The Job Hunt

Letters of Intent vs. Letters of Interest: What the Heck Is the Difference?

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Is it time for you to write a job application letter?

If so, you’re probably looking at job postings and wondering what in the heck you’re supposed to include. And while you think you are a good fit for the role, you need to figure out how to convince a reader with a very short attention span!

If you are like most, you may feel some confusion caused by the different requests of every organization on their postings. Some want a letter of intent, some want a letter of interest, and some want a cover letter. It’s downright confusing!

If you’re not sure about the difference between each style of letter, and want to wow your potential employer. Read on!

Use a Letter of Intent for Graduate Schools and Loosely Defined Roles

Letter of intent summary

A letter of intent is often requested when applying to graduate school positions or at start-up organizations. Why startups? Well, many new companies with net-new positions do not have a well-defined set of responsibilities and skills for the role. The job title and job posting may be vague and designed as a catch-all for many applicants. 

In these newly created roles, hiring managers look to the successful candidate to help to form the role based on your skills. This means that instead of writing a cover letter (where you can match a formalized job description with your abilities and skillsets) you need to tell the hiring manager about all the different ways you could bring value to their growing organization.

To do that, letters of intent are fantastic tools. Intent letters help you to tell your story and demonstrate your value without the confines of the job requirements. If you’re looking to get a job in an organization where you can have a wide variety of responsibilities and can participate in different parts of the company, applying to start-ups is a great way to do it. A letter of intent will help you share the breadth of value you can bring to the team by showing a wide array of loosely relevant skills. Start-ups care much more about the fact that you match with the organization’s purpose than with the exact skillset of the job.

You will also need to write a letter of intent if you’re applying to a professional school or a graduate degree program. This includes research programs, medical school, law school, and many post-graduate programs. In your letter of intent, you need to describe exactly what your purpose is rather than what your skills are. Moreover, describe why this is the perfect program for you at your dream school.

Specific skills don’t matter all that much when applying to graduate school. You are not attending because you have skills… you are there to learn the skills. A letter of intent communicates the why behind the steps that you want to take in your career or your studies.

When you’re pursuing a new opportunity, a letter of intent can allow you to introduce yourself at the level of your values. Where a cover letter focuses on your skills, a letter of interest touches on your skills and dives deeper into your career mission.

When you’re writing a letter of intent focus on the “why”

Introduce yourself from the perspective of your purpose. And allow the company to understand how your values and visions will match with their mission statement. The same can be said describing the perfect match between your values and visions and that of a post-secondary program.

Not applying for a specific job? Use a letter of interest

letter of interest summary

If a cover letter is an application to a specific job, and an intent letter is part of the application process for a graduate school or a start-up with loosely defined requirements, a letter of interest is when there is no specific role at an organization… but you want to work there anyway! Your goal is to express interest in the organization as a whole.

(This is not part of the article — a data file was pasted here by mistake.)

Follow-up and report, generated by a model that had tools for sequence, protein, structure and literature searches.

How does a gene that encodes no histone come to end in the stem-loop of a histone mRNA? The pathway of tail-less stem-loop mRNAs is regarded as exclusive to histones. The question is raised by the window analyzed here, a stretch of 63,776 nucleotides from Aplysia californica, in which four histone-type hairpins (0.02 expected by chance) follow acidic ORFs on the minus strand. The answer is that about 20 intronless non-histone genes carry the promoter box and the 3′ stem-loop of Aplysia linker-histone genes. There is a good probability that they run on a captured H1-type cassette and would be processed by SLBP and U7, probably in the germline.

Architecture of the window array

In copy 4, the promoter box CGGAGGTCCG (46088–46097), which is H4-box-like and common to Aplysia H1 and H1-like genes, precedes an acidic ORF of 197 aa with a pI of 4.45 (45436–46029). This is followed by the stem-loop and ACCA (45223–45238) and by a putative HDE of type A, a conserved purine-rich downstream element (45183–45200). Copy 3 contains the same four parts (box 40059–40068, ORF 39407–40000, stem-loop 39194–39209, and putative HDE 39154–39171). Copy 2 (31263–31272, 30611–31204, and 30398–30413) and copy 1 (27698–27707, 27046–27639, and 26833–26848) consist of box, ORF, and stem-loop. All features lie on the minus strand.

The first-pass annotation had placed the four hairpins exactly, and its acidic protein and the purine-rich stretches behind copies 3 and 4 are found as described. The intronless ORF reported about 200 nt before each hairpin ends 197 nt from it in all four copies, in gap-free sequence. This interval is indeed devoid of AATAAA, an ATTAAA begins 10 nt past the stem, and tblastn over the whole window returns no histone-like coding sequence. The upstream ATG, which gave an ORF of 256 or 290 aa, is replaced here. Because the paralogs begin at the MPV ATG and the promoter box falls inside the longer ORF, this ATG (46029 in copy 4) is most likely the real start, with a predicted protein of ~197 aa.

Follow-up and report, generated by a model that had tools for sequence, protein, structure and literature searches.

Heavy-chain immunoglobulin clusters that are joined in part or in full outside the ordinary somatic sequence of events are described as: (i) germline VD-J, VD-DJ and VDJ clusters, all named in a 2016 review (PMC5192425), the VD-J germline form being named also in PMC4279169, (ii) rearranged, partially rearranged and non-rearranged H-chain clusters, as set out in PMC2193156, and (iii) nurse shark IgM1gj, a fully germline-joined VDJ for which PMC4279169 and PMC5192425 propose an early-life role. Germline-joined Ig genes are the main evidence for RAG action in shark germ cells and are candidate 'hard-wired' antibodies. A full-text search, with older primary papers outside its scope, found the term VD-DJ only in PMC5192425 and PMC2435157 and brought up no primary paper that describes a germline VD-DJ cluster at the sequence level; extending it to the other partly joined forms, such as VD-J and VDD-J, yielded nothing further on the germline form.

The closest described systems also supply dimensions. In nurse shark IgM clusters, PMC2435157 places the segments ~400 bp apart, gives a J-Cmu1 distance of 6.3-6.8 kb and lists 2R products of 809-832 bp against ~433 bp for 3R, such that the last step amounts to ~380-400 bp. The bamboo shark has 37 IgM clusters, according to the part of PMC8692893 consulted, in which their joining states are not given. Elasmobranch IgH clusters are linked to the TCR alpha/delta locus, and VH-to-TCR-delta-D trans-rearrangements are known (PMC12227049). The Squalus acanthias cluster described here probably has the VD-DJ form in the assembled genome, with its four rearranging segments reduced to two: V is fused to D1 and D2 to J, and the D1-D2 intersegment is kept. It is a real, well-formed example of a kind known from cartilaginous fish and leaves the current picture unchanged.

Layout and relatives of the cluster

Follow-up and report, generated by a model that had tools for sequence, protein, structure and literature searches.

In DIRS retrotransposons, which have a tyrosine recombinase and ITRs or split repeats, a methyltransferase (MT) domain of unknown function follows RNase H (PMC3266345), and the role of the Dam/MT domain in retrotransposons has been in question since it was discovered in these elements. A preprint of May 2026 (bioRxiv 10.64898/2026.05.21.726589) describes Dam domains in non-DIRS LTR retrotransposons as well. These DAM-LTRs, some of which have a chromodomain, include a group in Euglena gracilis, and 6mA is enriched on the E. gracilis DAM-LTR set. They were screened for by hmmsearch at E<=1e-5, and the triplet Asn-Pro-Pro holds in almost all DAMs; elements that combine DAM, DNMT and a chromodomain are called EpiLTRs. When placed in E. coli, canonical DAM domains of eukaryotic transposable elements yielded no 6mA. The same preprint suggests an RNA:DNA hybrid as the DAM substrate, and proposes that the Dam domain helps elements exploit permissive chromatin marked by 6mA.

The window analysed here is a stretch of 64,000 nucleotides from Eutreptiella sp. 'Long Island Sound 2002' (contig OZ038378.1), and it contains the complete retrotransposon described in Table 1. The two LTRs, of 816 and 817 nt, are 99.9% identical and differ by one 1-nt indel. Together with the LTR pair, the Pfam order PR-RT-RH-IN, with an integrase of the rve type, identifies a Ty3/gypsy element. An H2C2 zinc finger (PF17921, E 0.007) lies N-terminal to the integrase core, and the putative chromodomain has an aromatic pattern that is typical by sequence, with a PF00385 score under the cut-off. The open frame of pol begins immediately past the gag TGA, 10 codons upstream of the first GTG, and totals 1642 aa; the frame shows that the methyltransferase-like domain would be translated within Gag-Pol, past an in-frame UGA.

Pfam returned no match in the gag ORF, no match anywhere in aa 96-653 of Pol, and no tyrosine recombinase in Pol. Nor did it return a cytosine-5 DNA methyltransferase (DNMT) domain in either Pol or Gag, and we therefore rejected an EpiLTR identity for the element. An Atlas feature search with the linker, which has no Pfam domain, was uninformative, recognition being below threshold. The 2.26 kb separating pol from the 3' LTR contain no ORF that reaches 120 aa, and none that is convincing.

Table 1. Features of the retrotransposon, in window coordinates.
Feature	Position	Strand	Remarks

Instead of applying to an available job opportunity, you’re trying to proactively build a network or connection with a particular company. A letter of interest can be an email or an introductory message. You can send it as a physical letter if you like to be a little old-school and set yourself apart from all the people reaching out on LinkedIn. Ultimately, all networking emails can be considered a letter of interest.

In a letter of interest the organization might not be hiring or at all interested in looking at candidates or applications. But just because you don’t see an open position, does not mean there is no opportunity! Instead of applying for a job, introduce yourself. Explain the reason why you think you should get to know a company or individual who works for that company.

This is very similar to a LinkedIn message or connection request like this:

“Hello, I would love to meet you and think we would have a very interesting discussion. I’m very interested in your company and would love to hear more about your organization. Let me know when you would be free.”

Your letter of interest does the same thing but in a lot more detail. Here’s what to cover in a letter of interest:

  • how you came across the company
  • why you’re interested in the organization
  • what questions you have about the company, their purpose or their product or their service

Use your letter to express your interest in the organization. A letter of interest without genuine interest is just a letter. And let me tell you… everyone is getting hundreds of emails a day and they do not need another one.

A well-crafted letter of interest takes just as much forethought, planning and research as a letter of intent or a cover letter. But this one is not to get you a job, it’s to get you a connection. Your professional network is a powerful tool to progress your career. Letters of interest build the beginning of a relationship. And then when an appropriate position comes along you are more likely to be the one they reach out to about the role.

They also might create a position for you because they learn about your skills, strong interest in the company, and they see the value that you can bring to their team. They can decide that you will be a great fit, and create a position for you! This is how a lot of hiring happens!